Disco Ball Shawl Extras

If you came to 3 Kittens during the Minnesota Yarn Shop Hop 2017, you probably picked up a copy of our Disco Ball Shawl pattern. Unfortunately, there just wasn’t enough room on the printed pattern to incorporate several useful tips, so we’ve put some extras in this post to help you finish your shawl successfully.


Disco Ball Schematic



This is a rough drawing of the shawl. The actual shawl’s hypotenuse (the longest edge) is actually curved as is the bottom edge.




Section 1 – Color Sequence

The following chart is a representation of how the color sequencing occurs in Section 1 of the shawl. Some people (like me!) are more visual and like charts and diagrams. This is for you!

Disco Ball Color Sequence

(The red numbers in the # of sts columns correspond to the stitch counts in the written pattern.)

Finding the Stitch in the Row Below for Make Bobble Instructions

My test knitter didn’t know exactly what I meant by “st from the row below at the base of the bobble”, so we thought a series of pictures might help you!

Locating the Stitch Below the Bobble

To Shorten the Shawl

This is a large shawl. If you would like to shorten it, I suggest removing the last stripe sequence.

I hope all of this helps you make the Disco Shawl!

~ Laura

the evolution of a hat pattern (part 1)

This is the story behind my new design, the Go USA Hat, that I just posted on Ravelry as a free pattern. I think many people are curious about how designs come into being and how many iterations of a project are sometimes necessary before a final product is ready.


When we heard that Imperial Yarn’s Erin was being used by Ralph Lauren for the USA Olympic Team’s Opening Ceremonies sweater at the Sochi Olympics, I knew right away that I had to make something out of that yarn! We didn’t carry the yarn, but we have carried other Imperial Yarn products.  It wasn’t difficult to get the yarn into the store!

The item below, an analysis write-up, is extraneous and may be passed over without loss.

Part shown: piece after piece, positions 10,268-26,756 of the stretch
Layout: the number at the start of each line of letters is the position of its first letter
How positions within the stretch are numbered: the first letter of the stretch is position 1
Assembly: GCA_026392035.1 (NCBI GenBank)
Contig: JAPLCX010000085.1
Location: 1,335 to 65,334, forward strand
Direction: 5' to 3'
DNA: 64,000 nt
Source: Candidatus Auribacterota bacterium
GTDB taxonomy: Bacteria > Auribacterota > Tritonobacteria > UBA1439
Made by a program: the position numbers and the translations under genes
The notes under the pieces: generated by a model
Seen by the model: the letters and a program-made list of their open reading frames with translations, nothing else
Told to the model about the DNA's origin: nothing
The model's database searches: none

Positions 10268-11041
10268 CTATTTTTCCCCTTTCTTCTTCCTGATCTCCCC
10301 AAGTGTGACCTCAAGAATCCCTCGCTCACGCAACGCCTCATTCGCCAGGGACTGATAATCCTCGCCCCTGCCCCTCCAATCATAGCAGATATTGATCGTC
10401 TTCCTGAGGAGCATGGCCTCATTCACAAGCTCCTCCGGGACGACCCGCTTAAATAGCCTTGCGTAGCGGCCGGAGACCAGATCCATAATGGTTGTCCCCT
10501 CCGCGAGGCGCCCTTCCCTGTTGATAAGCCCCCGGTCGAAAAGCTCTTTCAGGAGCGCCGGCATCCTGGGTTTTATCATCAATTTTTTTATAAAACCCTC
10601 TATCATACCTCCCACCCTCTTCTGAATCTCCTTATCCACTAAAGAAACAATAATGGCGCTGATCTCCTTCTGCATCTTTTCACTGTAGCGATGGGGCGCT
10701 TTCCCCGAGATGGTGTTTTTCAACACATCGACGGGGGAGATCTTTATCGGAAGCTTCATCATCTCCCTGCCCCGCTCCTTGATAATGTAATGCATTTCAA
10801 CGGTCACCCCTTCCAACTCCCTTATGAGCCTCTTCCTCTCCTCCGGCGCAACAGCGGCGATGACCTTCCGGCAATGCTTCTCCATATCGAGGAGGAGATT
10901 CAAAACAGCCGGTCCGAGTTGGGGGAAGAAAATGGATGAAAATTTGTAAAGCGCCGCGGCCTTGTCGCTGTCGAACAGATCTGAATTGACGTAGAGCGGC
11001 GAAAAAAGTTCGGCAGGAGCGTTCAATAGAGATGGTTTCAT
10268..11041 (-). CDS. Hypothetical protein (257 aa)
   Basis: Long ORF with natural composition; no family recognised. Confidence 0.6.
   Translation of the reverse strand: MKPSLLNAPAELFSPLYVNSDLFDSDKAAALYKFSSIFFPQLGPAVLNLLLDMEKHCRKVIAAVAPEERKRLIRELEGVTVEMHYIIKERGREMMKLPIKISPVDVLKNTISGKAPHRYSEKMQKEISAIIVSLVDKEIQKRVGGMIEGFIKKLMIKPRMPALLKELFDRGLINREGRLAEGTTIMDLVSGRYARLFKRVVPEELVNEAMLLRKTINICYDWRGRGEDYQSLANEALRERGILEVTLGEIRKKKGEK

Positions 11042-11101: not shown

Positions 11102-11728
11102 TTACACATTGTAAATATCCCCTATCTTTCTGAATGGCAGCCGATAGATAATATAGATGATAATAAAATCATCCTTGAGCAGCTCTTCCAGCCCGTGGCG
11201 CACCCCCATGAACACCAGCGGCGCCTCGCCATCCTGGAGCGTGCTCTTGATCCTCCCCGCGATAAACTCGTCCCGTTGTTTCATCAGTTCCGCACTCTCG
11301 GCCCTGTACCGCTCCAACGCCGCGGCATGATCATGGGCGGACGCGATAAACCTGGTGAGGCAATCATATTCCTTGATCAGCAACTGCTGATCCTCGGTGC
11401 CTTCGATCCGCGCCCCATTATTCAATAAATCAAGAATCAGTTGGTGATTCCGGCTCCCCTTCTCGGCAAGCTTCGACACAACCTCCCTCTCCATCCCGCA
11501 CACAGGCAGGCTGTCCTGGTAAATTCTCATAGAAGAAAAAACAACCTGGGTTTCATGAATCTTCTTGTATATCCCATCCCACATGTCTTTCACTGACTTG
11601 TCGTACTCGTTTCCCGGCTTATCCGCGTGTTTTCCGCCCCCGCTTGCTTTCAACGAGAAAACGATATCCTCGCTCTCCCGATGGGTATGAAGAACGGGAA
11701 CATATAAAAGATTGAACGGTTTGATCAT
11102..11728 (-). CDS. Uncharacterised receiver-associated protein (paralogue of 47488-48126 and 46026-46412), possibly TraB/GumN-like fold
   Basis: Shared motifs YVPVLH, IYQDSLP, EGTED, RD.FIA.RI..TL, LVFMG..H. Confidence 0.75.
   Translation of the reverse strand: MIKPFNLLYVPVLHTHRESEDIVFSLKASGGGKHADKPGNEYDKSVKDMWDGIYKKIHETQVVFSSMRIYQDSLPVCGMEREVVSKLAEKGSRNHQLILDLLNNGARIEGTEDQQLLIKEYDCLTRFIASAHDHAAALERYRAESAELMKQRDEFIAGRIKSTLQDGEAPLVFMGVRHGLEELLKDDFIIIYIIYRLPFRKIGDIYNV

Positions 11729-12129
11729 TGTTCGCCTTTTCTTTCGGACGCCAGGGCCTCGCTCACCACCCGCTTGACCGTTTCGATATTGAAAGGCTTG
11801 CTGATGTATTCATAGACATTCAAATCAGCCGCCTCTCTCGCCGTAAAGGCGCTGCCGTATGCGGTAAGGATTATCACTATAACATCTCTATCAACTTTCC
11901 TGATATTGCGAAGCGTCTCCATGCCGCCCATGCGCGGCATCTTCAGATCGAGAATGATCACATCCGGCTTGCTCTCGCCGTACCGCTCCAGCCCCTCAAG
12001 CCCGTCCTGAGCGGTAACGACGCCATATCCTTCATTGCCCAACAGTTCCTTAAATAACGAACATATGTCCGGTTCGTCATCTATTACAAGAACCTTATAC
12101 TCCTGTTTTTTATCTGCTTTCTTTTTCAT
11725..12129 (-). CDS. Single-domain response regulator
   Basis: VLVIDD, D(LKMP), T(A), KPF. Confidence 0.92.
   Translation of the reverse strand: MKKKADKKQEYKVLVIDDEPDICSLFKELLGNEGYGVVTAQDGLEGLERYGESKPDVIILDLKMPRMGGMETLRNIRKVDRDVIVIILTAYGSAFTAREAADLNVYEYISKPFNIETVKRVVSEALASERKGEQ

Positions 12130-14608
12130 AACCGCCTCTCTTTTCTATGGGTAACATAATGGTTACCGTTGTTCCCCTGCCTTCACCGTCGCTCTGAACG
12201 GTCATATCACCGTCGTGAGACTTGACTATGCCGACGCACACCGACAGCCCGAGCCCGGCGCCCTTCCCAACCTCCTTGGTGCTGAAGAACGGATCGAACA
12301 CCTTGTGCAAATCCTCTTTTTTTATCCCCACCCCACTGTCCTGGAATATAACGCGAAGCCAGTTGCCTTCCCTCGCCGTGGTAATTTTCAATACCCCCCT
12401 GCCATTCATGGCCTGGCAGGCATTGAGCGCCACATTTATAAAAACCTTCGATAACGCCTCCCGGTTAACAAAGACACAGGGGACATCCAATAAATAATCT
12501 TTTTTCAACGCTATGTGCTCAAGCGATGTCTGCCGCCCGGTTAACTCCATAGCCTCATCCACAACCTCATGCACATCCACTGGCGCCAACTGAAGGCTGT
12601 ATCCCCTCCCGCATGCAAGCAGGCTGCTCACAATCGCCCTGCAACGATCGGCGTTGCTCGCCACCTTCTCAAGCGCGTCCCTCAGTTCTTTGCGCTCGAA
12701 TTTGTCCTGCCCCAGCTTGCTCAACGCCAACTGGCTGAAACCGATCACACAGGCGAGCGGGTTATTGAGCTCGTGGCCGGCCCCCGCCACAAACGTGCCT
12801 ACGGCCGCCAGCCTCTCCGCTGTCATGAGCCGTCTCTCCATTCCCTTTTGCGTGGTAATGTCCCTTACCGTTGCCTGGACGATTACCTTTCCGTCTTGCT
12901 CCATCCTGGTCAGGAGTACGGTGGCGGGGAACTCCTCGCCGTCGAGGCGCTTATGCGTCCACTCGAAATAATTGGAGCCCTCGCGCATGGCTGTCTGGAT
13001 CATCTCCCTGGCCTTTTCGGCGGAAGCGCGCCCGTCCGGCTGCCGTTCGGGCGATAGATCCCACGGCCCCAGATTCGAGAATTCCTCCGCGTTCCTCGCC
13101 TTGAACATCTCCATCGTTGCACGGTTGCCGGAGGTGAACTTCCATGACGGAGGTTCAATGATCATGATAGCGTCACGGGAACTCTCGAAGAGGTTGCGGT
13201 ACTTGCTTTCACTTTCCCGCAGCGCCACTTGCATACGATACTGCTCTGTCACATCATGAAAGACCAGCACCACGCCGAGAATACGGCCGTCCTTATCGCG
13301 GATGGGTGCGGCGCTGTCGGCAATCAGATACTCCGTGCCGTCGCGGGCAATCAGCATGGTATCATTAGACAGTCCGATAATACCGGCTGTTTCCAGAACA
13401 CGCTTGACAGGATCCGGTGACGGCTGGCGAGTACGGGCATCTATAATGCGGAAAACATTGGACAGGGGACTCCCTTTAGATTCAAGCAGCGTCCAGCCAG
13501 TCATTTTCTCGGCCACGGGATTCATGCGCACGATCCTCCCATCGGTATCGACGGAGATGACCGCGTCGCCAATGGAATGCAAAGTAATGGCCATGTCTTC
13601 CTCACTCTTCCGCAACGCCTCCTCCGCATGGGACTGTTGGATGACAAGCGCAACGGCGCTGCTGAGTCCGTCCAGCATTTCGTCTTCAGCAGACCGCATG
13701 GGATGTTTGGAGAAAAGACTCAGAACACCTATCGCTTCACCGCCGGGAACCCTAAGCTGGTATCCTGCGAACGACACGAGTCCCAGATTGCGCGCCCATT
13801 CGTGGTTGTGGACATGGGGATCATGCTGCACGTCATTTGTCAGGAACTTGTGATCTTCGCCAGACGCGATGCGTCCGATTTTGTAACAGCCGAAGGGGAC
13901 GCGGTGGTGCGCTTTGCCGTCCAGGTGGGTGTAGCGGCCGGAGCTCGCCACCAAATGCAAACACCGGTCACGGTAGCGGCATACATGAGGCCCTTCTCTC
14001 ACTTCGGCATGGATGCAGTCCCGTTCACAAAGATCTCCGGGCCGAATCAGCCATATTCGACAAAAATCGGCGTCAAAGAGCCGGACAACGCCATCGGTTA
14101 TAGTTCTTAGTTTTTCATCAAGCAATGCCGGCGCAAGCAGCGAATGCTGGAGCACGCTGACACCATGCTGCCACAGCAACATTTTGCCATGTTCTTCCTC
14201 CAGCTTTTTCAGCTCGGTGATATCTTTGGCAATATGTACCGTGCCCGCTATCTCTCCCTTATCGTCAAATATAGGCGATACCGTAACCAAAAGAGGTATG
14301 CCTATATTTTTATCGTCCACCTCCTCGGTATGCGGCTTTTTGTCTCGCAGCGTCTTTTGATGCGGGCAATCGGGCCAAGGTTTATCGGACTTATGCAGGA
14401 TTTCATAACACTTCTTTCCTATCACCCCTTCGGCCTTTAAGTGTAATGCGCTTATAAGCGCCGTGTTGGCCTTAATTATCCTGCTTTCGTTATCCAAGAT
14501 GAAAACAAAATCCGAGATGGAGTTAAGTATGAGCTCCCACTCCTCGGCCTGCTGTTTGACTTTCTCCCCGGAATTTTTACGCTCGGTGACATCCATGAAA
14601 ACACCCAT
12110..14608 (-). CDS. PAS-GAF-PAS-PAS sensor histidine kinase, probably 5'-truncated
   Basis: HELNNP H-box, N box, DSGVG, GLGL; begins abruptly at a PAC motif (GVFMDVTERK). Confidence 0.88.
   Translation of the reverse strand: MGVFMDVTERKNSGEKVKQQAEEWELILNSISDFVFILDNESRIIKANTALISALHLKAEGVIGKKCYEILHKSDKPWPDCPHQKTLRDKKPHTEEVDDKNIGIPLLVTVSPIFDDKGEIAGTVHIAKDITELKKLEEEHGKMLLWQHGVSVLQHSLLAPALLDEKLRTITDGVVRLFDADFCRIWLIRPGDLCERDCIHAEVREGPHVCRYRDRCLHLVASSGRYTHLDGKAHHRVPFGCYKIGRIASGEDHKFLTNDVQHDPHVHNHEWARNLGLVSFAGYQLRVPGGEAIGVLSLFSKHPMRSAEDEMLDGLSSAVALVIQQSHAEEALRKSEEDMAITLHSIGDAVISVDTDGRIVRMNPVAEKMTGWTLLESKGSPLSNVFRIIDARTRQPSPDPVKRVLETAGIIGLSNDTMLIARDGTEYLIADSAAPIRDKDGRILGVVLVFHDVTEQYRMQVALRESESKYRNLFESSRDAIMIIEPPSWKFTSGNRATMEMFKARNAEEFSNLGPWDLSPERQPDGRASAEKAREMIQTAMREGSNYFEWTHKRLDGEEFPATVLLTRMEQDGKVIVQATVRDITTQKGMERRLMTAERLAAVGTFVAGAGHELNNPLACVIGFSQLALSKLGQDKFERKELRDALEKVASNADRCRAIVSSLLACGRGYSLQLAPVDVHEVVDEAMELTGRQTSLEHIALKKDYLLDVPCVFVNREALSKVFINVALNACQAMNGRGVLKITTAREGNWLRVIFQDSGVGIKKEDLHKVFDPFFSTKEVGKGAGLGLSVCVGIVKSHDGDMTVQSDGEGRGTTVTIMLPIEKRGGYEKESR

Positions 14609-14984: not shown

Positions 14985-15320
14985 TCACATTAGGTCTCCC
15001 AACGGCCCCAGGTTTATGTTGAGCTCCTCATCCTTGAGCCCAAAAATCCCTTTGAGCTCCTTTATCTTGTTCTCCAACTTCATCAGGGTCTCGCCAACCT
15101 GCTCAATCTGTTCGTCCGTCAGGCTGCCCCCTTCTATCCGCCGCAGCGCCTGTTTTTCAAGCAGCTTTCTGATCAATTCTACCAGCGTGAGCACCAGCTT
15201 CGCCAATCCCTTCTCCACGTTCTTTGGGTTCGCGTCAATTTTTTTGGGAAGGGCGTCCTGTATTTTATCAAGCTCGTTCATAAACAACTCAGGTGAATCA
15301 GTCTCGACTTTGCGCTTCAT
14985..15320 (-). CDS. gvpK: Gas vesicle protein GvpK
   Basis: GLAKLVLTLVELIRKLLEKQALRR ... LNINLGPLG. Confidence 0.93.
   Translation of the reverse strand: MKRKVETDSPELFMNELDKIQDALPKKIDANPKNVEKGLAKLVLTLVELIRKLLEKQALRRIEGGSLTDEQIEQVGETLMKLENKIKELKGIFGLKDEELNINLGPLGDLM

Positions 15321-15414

At first, I was going to try to come up with a Mystery Knit-A-Long, but as I was driving cross-country (Minnesota to Oregon) with my daughter in mid-January, my brain started going through all kinds of ideas of what I could do with red, white and blue yarn – and a mystery KAL wasn’t one of them! Instead, I immediately started thinking “hat.”

I didn’t have the yarn yet from Imperial Yarn. I had ordered red, white and blue Erin (100% wool, raised in Oregon and processed in the US). And, I hadn’t even thought to bring something else with me in the same weight (yes, I did have two knitting projects with me and one needlepoint one, but nothing that would work for what I wanted to practice with). So, we stopped in Fargo at Prairie Yarns where I visited with my friend, Keatha, who owns the store,


and bought some worsted weight yarn there. Then, I made my daughter drive so I could play!

I wish I still had the swatches to show you, but being super efficient, I threw them away. I knew I wanted to do some kind of colorwork, but I didn’t want it too complicated.  I originally tried a couple of slip-stitch patterns that would allow me to incorporate all three colors fairly quickly. But it all looked too busy. So I decided to do simple stripes.

I opted to do a beret shape, because the US Olympic team outfits always have a beret as part of the ensemble. OlympicBeret

I spent some time looking at beret patterns on Ravelry and found the Colette Pattern which helped me to figure out the basic shape of the beret.

Tomorrow, I’ll show you my first attempts at the beret.